When the Helena Police Department cited the statute of limitations in declining to bring charges against Montana Secretary of State Corey Stapleton for misuse of a state-owned vehicle, Helena reporter Amy Hanson dug deeper, uncovering that the misuse went on for a long time after the scope of the investigation — and within the legal time limit to pursue charges.

A legislative audit had found that Montana Secretary of State Corey Stapleton, a Republican candidate for the state's only U.S. House seat, was using a state-owned pickup truck as a personal vehicle. Stapleton racked up tens of thousands of miles as he commuted from his Helena office to his Billings home 240 miles away most weekends, in violation of state vehicle use policy, a legislative audit found.

 The legislative auditor’s office turned the findings over to the state attorney general, which passed it on to the Helena Police Department to investigate for possible charges. The city attorney declined to prosecute Stapleton, saying the alleged abuse happened over a year ago, past the time limit in which charges can be filed. 

 Enter AP Helena reporter Amy Beth Hanson. Hanson, in reading the report, realized that the police hadn’t investigated anything beyond the scope of the audit — and Stapleton continued to lease the truck for nine more months.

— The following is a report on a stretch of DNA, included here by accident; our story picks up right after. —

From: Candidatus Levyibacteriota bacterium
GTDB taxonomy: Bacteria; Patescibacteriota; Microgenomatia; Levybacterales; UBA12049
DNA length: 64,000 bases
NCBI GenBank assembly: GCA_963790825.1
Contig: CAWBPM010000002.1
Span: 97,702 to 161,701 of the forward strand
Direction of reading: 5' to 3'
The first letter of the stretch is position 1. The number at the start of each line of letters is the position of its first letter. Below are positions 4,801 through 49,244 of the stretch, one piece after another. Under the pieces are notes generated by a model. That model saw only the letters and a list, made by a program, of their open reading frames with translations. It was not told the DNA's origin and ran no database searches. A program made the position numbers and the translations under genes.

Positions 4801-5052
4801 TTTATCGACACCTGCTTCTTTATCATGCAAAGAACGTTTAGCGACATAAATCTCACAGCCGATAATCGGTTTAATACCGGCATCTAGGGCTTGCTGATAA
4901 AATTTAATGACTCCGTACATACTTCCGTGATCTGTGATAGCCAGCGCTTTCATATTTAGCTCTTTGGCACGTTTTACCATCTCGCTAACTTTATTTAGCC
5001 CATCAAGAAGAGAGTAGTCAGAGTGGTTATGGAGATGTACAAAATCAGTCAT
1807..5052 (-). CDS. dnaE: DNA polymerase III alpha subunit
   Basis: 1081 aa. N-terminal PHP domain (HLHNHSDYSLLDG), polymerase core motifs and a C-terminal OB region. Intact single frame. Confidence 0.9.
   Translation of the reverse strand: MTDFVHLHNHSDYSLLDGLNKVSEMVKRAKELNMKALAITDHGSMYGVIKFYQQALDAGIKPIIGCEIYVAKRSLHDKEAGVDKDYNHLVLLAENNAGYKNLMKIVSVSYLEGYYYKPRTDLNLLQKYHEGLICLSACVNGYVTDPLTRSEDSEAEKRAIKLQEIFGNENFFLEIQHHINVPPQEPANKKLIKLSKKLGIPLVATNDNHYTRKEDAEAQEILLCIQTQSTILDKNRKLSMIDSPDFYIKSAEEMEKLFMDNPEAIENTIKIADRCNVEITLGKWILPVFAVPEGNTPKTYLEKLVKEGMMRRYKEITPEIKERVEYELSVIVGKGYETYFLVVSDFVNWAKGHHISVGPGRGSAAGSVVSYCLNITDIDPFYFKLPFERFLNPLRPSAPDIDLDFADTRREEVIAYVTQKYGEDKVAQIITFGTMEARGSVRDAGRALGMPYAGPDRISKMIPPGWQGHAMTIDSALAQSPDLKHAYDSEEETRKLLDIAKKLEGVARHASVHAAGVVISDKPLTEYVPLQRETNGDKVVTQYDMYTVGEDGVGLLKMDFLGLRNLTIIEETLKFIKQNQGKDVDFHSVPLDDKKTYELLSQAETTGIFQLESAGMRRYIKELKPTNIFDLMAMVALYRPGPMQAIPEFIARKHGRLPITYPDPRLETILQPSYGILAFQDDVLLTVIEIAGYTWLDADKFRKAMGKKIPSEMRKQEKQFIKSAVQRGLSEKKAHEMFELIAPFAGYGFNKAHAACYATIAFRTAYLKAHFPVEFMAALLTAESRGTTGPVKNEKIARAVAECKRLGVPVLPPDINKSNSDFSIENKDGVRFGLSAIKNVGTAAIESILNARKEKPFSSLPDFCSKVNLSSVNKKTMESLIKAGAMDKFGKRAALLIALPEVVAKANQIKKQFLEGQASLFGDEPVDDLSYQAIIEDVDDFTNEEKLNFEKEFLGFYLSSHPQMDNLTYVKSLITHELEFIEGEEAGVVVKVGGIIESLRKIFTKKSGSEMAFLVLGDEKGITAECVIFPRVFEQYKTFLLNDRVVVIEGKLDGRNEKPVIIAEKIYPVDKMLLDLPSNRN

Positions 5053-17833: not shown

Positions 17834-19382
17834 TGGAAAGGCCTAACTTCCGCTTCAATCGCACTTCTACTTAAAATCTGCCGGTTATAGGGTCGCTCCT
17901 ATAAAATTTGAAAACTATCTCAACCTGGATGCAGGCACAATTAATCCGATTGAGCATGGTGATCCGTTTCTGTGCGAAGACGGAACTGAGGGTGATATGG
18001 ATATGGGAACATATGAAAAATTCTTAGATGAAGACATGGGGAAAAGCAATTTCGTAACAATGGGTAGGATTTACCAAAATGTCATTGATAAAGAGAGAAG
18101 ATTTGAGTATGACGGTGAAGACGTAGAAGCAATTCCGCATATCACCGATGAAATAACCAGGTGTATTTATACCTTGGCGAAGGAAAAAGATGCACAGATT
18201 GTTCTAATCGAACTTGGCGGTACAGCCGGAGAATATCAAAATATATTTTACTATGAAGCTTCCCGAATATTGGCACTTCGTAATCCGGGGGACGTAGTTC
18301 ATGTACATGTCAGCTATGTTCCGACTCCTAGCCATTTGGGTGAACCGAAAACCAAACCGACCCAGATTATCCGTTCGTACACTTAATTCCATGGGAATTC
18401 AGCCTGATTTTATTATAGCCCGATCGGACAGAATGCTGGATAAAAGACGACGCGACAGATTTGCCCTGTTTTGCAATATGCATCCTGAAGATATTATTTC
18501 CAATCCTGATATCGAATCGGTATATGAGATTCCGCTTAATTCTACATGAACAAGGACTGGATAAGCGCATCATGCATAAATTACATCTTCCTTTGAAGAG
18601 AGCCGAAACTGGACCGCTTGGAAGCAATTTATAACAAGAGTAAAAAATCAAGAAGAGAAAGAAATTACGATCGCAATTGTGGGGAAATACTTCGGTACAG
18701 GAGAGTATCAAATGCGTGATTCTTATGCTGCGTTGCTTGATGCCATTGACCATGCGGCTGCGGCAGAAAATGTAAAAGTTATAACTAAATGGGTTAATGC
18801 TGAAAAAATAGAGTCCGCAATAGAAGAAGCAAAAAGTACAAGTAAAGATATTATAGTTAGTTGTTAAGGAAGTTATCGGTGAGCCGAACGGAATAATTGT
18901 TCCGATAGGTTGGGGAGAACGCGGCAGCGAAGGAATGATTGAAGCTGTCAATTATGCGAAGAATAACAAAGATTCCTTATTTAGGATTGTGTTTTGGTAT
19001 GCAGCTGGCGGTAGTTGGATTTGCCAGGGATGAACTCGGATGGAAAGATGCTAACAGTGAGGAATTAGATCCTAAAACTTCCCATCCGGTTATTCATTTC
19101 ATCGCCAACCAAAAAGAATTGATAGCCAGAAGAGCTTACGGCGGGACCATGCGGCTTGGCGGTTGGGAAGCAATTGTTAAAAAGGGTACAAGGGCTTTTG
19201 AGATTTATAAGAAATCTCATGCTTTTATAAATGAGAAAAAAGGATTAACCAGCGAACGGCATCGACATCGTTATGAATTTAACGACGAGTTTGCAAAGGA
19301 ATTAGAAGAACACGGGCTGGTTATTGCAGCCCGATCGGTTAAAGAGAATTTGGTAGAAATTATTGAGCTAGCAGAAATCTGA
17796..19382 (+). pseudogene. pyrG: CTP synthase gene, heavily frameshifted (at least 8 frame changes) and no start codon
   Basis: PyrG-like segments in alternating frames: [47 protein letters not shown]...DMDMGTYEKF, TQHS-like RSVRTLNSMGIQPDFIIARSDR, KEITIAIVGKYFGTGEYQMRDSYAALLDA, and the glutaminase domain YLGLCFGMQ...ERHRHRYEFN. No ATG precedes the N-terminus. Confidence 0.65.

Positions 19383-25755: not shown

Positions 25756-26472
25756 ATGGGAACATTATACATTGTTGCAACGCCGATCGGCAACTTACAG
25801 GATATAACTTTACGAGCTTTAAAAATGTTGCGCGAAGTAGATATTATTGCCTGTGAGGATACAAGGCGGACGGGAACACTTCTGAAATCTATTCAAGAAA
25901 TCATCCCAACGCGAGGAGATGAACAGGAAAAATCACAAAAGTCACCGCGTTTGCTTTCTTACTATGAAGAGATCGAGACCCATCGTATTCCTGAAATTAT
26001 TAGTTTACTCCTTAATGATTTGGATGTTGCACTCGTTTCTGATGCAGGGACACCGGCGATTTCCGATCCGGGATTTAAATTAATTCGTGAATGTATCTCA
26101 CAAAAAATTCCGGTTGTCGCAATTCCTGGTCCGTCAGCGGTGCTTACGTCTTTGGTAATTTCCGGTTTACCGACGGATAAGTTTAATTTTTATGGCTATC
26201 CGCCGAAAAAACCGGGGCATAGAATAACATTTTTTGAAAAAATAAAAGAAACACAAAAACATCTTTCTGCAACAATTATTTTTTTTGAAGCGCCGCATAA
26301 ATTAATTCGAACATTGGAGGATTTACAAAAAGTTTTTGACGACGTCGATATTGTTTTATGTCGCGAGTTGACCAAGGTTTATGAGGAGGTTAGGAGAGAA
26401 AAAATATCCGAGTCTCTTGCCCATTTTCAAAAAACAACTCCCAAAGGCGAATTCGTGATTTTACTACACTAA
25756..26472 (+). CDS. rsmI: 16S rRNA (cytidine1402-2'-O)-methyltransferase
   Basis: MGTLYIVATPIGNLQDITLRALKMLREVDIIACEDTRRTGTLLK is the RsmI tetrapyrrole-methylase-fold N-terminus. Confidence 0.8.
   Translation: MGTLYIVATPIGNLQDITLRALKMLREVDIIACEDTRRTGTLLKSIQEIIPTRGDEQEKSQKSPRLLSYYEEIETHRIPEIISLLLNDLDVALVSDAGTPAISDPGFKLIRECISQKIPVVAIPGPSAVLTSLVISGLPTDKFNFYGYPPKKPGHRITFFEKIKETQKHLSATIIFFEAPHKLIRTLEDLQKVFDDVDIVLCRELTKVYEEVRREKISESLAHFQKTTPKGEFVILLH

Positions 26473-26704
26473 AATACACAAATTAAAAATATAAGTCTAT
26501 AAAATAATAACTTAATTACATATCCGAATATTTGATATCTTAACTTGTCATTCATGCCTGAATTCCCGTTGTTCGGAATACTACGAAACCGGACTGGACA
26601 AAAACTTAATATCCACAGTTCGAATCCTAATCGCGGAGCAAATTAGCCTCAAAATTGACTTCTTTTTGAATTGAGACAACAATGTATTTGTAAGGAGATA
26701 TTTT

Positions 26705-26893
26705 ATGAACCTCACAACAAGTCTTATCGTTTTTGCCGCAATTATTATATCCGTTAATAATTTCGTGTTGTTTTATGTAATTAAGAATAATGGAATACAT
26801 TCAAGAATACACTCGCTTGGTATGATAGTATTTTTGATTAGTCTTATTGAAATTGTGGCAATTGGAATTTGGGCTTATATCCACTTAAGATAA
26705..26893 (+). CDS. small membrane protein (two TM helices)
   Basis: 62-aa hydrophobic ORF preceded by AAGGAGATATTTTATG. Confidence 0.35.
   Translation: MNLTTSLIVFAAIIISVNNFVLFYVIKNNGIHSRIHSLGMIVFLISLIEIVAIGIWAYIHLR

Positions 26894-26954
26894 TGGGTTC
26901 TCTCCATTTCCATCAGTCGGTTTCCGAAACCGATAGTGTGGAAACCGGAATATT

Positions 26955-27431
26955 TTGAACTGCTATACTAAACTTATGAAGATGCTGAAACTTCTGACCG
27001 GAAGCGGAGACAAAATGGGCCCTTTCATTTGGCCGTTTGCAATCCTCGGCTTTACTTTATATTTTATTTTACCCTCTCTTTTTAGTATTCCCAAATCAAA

After multiple public-records requests to state transportation officials, legislative auditors and Stapleton’s office, Hanson built a spreadsheet that showed when the truck was filled with gas, how much mileage was on the truck and what official events he attended at that time.

Hanson built a spreadsheet that showed when the truck was filled with gas, how much mileage was on the truck and what official events Stapleton attended at that time.

She found that he traveled tens of thousands of miles more than what had been previously reported, including many weekends, holidays and times when he had no official events on his calendar. One weekend, he put more than 1,000 miles on the truck, and over one July 4 holiday, he added 640 miles.

 What’s more she found that the misuse continued from July 2018 until he turned in the vehicle in March, well within the statute of limitations.

Hanson repeatedly sought interviews with Stapleton in person and by phone, and even presented her information to his representatives so that he could address it directly. He declined to be interviewed and did not respond to the findings.

Hanson’s APNewsBreak was featured on the front page of every Montana daily paper and generated about 2,000 social media interactions. One non-AP news organization with television stations across the state cited Hanson's reporting throughout its own story. The Billings Gazette, the state’s largest newspaper, published an editorial Tuesday citing AP’s reporting in calling for Stapleton to reimburse the money and for state legislators to take action to hold him accountable when the committee that oversees Stapleton’s office meets later this month. Neither the chairwoman of the committee or the spokesman for Attorney General Tim Fox returned calls to comment.

Stapleton gave a brief interview to MTN News Monday, saying that his use of the state-owned truck “was always meant to enhance the results of the Office of the Secretary of State.”

For determined reporting that resulted in a textbook example of accountability journalism, Amy Hanson wins this week’s Best of the States award.